At 23 years of age, Paul Pogba has gripped the soccer universe. He’s played in a Champions League final, he’s been to a World Cup quarterfinal, and he’s won three Scudettos.
And yet, set up with the opportunity to make Juventus his team and put a stamp on his growing resume and transfer value, he came up devastatingly, agonizingly short as Bayern Munich completed a 2-goal comeback and won 4-2, moving on to the Champions League quarterfinals.
With midfield lynchpin Claudio Marchisio missing and the club’s other electric youngster Paulo Dybala also out injured, this should have been Pogba’s team. Except it wasn’t. The Frenchman scored in the sixth minute, but don’t let that fool you. He was on the business end of a failed clearance and poked it home, but was completely irrelevant following the goal.
First, it’s impossible to proceed without touching on Juventus manager Massimiliano Allegri, who got everything about this match completely wrong. In the absence of Marchisio, he brought an attacking-minded Hernanes back to cover the middle of the pitch, but still hoped to absorb pressure and play on the break. The Brazilian actually played well, but had too much freedom to cover the back line effectively in Allegri’s defend-and-counter gameplan. That left Pogba and Khediara to defend, which they did relatively well, but neutralized them up front. The Juventus goals came on a pair of laughable mistakes by the banged up Bayern defensive line, but Pep Guardiola proved his dominance in the second half.
Sami Khedira was invisible the entire match flanked next to Hernanes, and while Pogba saw more of the ball thank his German counterpart, he did little with the chances, forced back in defense too often. Allegri’s most venomous player, Alvaro Morata, was substituted in the 72nd minute while on a yellow, and his replacement Mario Mandzukic contributed nothing.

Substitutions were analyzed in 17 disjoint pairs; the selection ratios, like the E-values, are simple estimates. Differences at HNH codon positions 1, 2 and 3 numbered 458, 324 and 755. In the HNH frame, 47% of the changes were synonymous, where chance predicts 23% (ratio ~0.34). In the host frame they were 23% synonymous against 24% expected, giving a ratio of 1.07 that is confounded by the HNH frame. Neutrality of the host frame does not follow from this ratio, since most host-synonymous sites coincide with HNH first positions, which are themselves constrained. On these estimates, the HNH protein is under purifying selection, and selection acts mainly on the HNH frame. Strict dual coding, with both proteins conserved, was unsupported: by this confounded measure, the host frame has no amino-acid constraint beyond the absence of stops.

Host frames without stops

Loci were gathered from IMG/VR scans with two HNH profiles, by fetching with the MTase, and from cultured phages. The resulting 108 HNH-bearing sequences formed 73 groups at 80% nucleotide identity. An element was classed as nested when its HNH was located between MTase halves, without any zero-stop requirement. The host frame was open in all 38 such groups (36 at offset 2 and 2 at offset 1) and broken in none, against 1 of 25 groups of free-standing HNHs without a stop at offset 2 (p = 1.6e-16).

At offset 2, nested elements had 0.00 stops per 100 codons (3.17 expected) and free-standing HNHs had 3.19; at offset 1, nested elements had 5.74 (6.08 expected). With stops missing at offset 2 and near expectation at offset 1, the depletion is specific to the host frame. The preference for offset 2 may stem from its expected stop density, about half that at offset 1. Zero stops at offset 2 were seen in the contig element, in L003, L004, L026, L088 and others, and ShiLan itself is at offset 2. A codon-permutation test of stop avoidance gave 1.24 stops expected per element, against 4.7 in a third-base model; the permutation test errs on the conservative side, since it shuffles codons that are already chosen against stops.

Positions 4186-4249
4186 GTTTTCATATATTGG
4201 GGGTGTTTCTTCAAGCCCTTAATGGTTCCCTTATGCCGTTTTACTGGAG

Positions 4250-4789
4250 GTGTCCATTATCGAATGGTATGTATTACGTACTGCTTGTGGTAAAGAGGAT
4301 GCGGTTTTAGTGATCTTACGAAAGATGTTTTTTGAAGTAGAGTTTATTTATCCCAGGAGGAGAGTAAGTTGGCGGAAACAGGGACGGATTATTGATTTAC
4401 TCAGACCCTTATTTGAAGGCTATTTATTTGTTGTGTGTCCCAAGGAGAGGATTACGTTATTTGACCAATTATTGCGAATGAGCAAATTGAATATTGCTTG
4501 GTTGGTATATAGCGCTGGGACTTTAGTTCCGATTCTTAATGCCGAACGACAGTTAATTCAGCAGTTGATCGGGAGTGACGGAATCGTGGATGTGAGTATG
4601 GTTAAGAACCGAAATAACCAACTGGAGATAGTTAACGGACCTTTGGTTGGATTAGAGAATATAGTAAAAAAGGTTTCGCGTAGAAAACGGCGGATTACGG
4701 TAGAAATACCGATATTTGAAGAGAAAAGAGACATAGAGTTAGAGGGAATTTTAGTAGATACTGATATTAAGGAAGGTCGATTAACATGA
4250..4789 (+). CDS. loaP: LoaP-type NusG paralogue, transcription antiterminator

While Allegri set Pogba up to fail, the 23-year-old was predictably poor. Here’s his statistical dashboard from the match, courtesy of FourFourTwo’s StatsZone:
All those ugly red arrows combine for a 20/36 passing performance. Much of that came from pumping long balls forward in the second half, but even on short passes, Pogba was 20/30. In the first half, Pogba completed just five passes. To his credit, he created four chances across the match, two in each half, but that was the extent of his production. Not shown on that dashboard, Pogba received 34 passes, nearly all from the defensive line and collected just past the halfway line on the left flank. With too many defensive duties, he had little to give up front, as Alex Sandro was a much more influential player down the left.
Pogba committed seven fouls, all in the attacking half. Down the other end, he whiffed on four tackles in the Juventus half. He completed a pair of take-ons, but neither in the attacking third.
Compare this all to the first leg, where the presence of Marchisio allowed Pogba more freedom, and he thrived on the left. He still had plenty of defensive duties in that match, but had fewer worries about space behind him being exposed. As a result, he was more active and wasn’t locked down in the defensive half.
With the game set up in Pogba’s favor, his manager let him down, and it showed on the field. If Pogba hopes to be the dominant world-class midfielder he appears to be so often, performances like this won’t help.